Tuesday, April 25, 2006

Too Much Karl

I love the Ricky Gervais Podcasts - love them. It's great when something makes Ricky laugh so hard it sounds like he must be wetting his pants.

Throughout the first season, Karl was somewhat quiet except for his Monkey News. Monkey News consists of fantastic tales of monkeys (actually chimpanzees) performing incredible feats normally handled by humans (like controlling a rocket into space, landing an airplane, performing surgery, etc.), and during the telling of these tales, Ricky becomes very angry at Karl for broadcasting total bullshit.

There were some gems from the first season. Karl's translation of Ben Franklin's "waste not want not": "Don't be chuckin' that out, you might need it later." Or when discussing the proverb about people who live in glass houses...: "People who live in glass houses have to answer the door. "

But these doses of Karl were small and well spaced throughout each show, and I was downloading and listening to shows only once a week. With Season 2, I may have made a mistake.

With the second season, I downloaded them all at once and put them on my Nano. This week I've been listening to shows back-to-back and I think I've overloaded on Karl.

It's too much weirdness at once. When asked how he would spend the day with or what he'd do if he encountered his doppelganger: "How would I know which one was me?"

Today I listened to the show where he was supposed to report what he'd learned about Freud. About Freud's theory on the stages of life, he thought Freud was saying "you should drink milk because it's good for you."

It gets to the point where it's too much, but I can't stop listening. In the future, I think I have to go back to listening only once a week, otherwise I'm afraid I could end up actually understanding some of the shit Karl says.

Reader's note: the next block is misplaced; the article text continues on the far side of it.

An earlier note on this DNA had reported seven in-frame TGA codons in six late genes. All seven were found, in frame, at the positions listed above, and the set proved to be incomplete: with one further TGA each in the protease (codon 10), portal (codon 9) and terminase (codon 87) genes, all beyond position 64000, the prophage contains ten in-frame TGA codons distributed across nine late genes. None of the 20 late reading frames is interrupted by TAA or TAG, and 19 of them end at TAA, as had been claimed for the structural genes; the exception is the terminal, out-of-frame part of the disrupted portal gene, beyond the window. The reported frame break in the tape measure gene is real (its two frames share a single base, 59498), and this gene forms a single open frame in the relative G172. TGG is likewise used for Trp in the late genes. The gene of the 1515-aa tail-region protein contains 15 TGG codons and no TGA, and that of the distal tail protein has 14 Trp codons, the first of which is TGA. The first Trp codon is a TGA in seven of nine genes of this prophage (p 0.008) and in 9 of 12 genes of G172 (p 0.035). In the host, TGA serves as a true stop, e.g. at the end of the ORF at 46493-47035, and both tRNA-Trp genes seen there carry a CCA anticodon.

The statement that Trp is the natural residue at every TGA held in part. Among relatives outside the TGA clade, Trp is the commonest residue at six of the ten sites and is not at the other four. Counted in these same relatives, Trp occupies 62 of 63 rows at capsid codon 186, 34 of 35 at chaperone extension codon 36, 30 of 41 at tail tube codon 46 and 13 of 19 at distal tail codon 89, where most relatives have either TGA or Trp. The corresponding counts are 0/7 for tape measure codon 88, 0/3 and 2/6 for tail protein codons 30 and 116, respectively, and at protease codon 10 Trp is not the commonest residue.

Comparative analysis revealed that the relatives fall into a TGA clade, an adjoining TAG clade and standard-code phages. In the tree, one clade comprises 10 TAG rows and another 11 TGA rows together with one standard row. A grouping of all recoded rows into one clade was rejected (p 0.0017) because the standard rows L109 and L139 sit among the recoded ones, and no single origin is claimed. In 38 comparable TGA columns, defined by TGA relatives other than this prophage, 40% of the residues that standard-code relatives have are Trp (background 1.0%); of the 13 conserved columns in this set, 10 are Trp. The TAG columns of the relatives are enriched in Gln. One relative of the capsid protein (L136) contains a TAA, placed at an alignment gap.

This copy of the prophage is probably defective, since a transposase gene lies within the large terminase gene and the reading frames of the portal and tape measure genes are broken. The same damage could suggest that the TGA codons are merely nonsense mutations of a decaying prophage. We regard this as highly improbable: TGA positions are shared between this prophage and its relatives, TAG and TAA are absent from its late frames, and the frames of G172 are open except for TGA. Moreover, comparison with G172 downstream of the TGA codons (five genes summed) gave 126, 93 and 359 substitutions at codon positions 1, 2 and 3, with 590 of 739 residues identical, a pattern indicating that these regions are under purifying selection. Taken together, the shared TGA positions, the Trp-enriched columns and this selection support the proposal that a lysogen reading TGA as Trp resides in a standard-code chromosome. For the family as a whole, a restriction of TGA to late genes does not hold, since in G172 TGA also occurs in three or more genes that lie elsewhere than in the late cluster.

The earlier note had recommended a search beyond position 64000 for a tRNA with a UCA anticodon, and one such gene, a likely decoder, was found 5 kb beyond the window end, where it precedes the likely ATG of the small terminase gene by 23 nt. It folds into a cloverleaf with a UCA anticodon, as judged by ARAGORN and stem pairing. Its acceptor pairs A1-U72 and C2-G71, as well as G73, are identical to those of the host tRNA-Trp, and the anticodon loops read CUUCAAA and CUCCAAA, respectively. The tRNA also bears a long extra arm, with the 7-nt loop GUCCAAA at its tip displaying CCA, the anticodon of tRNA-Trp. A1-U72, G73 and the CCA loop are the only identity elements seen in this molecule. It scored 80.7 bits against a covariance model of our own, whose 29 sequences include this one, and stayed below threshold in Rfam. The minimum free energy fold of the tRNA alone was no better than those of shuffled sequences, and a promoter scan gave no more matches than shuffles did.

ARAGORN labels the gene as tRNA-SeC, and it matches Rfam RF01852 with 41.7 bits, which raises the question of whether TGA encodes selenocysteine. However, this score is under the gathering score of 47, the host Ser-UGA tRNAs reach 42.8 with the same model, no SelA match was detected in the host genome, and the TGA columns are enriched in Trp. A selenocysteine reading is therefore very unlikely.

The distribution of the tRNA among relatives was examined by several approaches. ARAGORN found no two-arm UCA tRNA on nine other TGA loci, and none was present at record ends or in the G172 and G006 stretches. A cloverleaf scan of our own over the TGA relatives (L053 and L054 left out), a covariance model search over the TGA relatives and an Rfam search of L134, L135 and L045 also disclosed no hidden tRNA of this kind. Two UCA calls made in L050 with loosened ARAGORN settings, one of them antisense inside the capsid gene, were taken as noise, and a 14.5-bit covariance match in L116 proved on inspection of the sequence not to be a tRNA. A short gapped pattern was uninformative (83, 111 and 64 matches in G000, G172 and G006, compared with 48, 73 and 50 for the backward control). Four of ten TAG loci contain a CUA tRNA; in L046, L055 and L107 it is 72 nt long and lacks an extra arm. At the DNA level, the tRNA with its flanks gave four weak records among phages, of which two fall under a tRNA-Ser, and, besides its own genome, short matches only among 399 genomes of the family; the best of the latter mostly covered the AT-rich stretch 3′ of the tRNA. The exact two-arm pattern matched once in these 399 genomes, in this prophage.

Some Karl Pilkington Fansites/Info:

Saturday, April 22, 2006

The Good Life

The past few weeks have been stressful. Lots of commiserating/complaining with friends about work-related woes - the usual. To be fair, some things have especially sucked, but part of working through those things is the bitching & whining with your comrades so you can start finding a way through it.

Last week in particular was rough. There was so much "commiserating" at one point that things seemed rather bleak. No way to make it better, it all just sucks and we're all doomed...

Then this weekend my little bank called to verify recent activity as they occasionally do. I always appreciate that they're keeping an eye on things.

The phone rep rattled off the list of recent purchases, and as he kept going down the list I thought, This sounds pretty good - a pretty good life, really:
- Specialty's Bakery & Cafe
- Netflix
- La Pinata (a fantastic Mexican restaurant)
- Sephora
- SF Ferry Plaza Wine Bar
- Rincon Chiropractic
- Safeway
- Trader Joe's
- University Art Supplies
Having someone else read to you a list of your recent purchases provides a whole new perspective. At that moment I thought, What the hell am I complaining so much about?

Friday, April 21, 2006

Mood Wheel

Boys have it easy. Except for adolescence, boys don't have to deal with an ongoing roller coaster of hormones throughout their lives that means each day brings a new mood adventure.